Back in the aughts and the 2010’s, a decade ago now, there was a movement in older RPGs that I was part of - the “Old School Renaissance” or "OSR". The OSR still hasn’t really been defined, or at least its definitions have always been in conflict, now more than ever as it becomes a subject of nostalgic veneration. It’s uncontroversial to me (I’m sure others will feel incandescently differently) that one of the hallmarks of the OSR was the creation of instructive maxims about how to enact its desired play style. That play style in turn depended on and created an exploration focused elevation of player choice in a strongly referee controlled setting. The maxims of the OSR were commonly offered to newcomers and now linger in the communities of the PostOSR, where they are too often repeated as if they are unalterable, clear truths obvious to everyone. They aren't and they weren't. Like most maxims, aphorisms, and pithy bits of commonsense, these distillations of OSR gaming wisdom are useful … but only up to a point, and they work best as reminders for people already familiar with their goals.

Trampier from the 1st Edition Monster Manual

These days it feels like the Post OSR spends a lot of time reinventing things that people wrote on blogs in 2010, or stumbling into the same well known solutions and declaring they have "fixed" the play style. Part of this is a lack of information for people new to these kind of games, exacerbated by the lack of citations among the hundreds of retro-clones that claim to be OSR games. There's little help for this, and as much as introductions to OSR theory like Philotomy’s Musings, Matt Finch’s Quick Primer for Old School Gaming, or Milton, Lumpkin and Perry’s Principia Apocrypha are useful documents and helpful introductions, the majority of OSR wisdom exists as scattered blog posts and in the minds of people who have engaged with the play style over the past 20 or so years. People don't read blogs anymore, but even if they did ... these bloggers, designers, referees, and players have a tendency to fall back on maxims when asked to explain elements of the play style, and it’s not the most efficient way of communicating craft and knowledge.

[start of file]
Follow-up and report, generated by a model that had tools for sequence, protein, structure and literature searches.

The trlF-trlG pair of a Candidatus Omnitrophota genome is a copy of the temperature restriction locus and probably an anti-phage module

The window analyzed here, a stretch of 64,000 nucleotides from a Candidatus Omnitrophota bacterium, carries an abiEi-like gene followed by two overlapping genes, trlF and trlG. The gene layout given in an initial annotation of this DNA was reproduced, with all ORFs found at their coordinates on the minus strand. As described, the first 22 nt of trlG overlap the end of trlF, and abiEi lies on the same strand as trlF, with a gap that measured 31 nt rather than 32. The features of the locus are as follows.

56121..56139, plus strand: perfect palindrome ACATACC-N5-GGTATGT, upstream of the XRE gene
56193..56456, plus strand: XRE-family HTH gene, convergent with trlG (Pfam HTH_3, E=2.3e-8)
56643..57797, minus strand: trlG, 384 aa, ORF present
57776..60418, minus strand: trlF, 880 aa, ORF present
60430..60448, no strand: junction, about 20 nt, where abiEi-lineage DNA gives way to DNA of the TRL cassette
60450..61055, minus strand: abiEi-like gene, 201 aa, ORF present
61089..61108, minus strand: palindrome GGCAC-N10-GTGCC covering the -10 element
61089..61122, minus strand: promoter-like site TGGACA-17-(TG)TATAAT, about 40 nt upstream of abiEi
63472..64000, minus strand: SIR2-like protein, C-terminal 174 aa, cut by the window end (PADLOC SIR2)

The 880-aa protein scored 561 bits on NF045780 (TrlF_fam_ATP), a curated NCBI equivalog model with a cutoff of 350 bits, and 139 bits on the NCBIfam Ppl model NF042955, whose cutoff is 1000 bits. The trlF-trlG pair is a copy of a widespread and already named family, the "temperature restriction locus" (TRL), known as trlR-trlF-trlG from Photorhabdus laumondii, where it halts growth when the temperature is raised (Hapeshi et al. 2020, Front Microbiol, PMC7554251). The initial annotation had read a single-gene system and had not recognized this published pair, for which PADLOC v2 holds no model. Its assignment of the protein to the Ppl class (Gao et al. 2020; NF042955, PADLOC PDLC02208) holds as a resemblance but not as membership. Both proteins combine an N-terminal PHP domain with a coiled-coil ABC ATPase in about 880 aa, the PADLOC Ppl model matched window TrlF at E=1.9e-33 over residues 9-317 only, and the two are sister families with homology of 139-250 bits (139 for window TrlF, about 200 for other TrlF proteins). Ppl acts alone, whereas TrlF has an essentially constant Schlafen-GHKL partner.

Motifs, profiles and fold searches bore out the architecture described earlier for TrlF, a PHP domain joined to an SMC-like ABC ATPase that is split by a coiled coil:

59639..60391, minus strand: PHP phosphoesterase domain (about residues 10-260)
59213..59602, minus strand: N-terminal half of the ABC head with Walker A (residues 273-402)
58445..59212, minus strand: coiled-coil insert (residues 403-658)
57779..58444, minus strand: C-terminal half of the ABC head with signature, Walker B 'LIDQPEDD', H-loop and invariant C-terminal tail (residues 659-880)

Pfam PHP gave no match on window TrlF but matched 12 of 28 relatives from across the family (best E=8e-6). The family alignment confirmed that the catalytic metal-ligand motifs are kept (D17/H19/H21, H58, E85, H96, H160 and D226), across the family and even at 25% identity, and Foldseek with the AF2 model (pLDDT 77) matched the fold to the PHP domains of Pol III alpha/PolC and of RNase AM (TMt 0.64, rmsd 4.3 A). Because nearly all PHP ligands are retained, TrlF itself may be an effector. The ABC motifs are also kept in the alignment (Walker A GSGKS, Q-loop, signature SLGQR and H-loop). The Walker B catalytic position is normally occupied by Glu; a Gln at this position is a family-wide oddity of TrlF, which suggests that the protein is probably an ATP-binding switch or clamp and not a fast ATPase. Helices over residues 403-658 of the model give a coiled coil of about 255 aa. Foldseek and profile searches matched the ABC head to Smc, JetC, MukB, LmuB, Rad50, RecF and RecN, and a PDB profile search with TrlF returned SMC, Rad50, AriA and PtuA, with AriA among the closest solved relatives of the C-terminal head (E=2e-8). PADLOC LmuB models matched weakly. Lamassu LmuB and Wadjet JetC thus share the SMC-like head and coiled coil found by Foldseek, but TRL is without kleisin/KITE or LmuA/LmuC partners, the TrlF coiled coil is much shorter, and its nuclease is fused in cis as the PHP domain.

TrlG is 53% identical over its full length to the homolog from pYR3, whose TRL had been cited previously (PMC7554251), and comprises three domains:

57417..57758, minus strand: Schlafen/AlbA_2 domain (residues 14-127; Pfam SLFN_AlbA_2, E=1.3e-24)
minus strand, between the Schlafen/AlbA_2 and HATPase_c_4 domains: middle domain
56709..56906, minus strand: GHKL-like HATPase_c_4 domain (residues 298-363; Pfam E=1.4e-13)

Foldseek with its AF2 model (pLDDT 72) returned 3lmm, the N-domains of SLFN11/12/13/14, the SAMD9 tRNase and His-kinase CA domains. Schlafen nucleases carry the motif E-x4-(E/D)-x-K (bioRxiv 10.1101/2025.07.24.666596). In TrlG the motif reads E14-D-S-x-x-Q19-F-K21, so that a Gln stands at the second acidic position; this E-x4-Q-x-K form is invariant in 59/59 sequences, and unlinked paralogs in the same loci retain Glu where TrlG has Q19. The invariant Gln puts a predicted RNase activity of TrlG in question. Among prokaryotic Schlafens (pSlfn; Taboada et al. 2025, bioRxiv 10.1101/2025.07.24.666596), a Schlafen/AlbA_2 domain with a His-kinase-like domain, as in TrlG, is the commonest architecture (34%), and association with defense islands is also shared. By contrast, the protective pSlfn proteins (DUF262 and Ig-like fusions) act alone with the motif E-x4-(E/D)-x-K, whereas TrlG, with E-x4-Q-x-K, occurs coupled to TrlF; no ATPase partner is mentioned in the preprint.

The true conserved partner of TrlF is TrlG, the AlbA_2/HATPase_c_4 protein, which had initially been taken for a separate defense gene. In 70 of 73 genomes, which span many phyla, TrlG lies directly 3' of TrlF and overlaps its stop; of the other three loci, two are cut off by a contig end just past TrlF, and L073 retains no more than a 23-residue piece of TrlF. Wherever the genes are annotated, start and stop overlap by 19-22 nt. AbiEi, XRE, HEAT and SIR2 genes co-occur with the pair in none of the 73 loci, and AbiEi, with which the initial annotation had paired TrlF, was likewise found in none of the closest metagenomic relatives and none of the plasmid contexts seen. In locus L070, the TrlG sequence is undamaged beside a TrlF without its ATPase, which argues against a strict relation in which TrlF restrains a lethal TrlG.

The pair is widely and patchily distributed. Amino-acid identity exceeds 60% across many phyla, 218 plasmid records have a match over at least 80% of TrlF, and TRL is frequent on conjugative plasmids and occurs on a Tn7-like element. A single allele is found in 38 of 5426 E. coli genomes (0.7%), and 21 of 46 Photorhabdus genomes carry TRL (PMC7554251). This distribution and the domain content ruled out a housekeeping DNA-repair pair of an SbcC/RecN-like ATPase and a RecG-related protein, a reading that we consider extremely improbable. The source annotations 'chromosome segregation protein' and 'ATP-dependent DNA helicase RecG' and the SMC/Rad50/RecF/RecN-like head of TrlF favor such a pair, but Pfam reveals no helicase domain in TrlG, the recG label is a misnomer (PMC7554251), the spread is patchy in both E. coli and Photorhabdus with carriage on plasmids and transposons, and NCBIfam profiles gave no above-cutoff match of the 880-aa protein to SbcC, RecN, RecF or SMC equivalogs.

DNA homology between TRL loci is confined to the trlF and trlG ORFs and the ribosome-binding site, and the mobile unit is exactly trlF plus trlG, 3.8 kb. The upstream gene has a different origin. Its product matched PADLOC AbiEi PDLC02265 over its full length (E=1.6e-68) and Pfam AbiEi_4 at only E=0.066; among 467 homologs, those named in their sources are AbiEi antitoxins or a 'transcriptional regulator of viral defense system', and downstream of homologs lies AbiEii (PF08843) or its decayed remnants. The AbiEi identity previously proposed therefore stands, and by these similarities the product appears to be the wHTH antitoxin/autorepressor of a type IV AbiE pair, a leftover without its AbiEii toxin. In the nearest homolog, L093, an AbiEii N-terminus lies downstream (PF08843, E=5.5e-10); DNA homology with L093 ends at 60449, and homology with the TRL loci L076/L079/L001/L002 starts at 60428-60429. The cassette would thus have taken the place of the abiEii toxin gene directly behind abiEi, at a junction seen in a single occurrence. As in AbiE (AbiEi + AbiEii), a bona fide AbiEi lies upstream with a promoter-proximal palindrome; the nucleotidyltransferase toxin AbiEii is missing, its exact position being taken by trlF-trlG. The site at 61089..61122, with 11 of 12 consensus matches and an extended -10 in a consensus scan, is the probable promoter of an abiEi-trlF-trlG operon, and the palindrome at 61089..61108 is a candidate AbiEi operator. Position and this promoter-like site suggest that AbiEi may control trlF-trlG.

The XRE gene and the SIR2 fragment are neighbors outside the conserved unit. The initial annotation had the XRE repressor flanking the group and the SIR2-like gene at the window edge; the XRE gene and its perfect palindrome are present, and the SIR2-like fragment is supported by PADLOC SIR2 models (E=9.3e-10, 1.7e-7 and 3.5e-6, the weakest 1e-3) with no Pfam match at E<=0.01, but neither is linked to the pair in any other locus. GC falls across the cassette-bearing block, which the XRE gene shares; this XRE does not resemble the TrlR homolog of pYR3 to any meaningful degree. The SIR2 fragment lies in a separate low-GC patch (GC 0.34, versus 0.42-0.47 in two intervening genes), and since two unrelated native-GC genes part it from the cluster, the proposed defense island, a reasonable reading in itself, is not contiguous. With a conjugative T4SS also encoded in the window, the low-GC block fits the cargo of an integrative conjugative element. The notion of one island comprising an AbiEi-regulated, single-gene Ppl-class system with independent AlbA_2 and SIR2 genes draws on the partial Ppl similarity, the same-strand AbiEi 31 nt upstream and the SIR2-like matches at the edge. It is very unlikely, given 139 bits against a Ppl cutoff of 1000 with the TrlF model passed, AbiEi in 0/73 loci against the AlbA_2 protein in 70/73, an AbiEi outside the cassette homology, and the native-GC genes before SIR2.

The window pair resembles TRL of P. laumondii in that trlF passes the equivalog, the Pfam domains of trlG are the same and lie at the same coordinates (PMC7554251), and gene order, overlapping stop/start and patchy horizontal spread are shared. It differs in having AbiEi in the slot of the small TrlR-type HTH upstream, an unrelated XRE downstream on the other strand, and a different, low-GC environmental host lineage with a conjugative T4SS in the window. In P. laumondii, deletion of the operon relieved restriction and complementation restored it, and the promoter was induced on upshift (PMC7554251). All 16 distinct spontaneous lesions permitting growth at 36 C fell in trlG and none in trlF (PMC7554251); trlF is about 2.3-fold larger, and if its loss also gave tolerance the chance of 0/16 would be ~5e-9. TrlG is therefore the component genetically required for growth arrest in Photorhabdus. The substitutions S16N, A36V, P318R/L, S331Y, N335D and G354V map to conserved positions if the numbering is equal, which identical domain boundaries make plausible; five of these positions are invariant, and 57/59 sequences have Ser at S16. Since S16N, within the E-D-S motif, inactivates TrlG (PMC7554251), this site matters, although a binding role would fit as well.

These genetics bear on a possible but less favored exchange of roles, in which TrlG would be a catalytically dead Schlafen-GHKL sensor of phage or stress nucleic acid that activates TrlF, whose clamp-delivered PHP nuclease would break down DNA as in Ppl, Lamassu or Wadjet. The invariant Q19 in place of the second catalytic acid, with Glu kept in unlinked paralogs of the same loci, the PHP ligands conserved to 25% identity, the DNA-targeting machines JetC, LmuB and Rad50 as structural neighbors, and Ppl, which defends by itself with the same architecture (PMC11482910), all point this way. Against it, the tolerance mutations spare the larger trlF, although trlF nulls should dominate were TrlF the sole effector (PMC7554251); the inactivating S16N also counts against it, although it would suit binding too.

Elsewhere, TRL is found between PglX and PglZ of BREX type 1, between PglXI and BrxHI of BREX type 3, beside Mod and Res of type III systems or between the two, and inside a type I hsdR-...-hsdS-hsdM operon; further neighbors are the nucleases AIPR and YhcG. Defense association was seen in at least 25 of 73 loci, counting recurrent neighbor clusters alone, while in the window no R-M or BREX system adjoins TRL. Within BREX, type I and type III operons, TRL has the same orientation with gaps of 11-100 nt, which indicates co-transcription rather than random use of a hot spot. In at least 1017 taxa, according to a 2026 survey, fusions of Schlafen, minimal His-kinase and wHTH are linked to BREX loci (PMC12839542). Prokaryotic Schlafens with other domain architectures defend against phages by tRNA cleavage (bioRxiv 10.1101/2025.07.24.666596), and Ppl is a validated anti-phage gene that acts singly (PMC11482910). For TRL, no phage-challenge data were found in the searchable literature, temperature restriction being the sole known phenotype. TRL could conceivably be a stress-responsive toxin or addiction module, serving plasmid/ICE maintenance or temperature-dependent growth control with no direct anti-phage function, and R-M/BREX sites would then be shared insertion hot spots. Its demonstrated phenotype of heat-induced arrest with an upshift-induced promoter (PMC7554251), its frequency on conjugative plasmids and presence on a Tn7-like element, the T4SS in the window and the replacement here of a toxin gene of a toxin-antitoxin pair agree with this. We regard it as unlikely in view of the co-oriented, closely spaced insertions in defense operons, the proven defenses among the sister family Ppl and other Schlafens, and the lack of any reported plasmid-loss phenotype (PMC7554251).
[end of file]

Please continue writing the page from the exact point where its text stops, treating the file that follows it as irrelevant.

Worse, as the actual creation of the maxims recedes into the past, clouded by memory's failings and wearing into the grooves of dogmatic repetition, they have begun to take on the force of natural laws rather than suggestions or explanations of design decisions and play culture. The power of nostalgia and orthodoxy transforms simplifications and shorthand for larger, complex concepts into definitions that are frequently misinterpreted or carried to lengths that subvert their original meaning and damage the very type of play they were meant to support.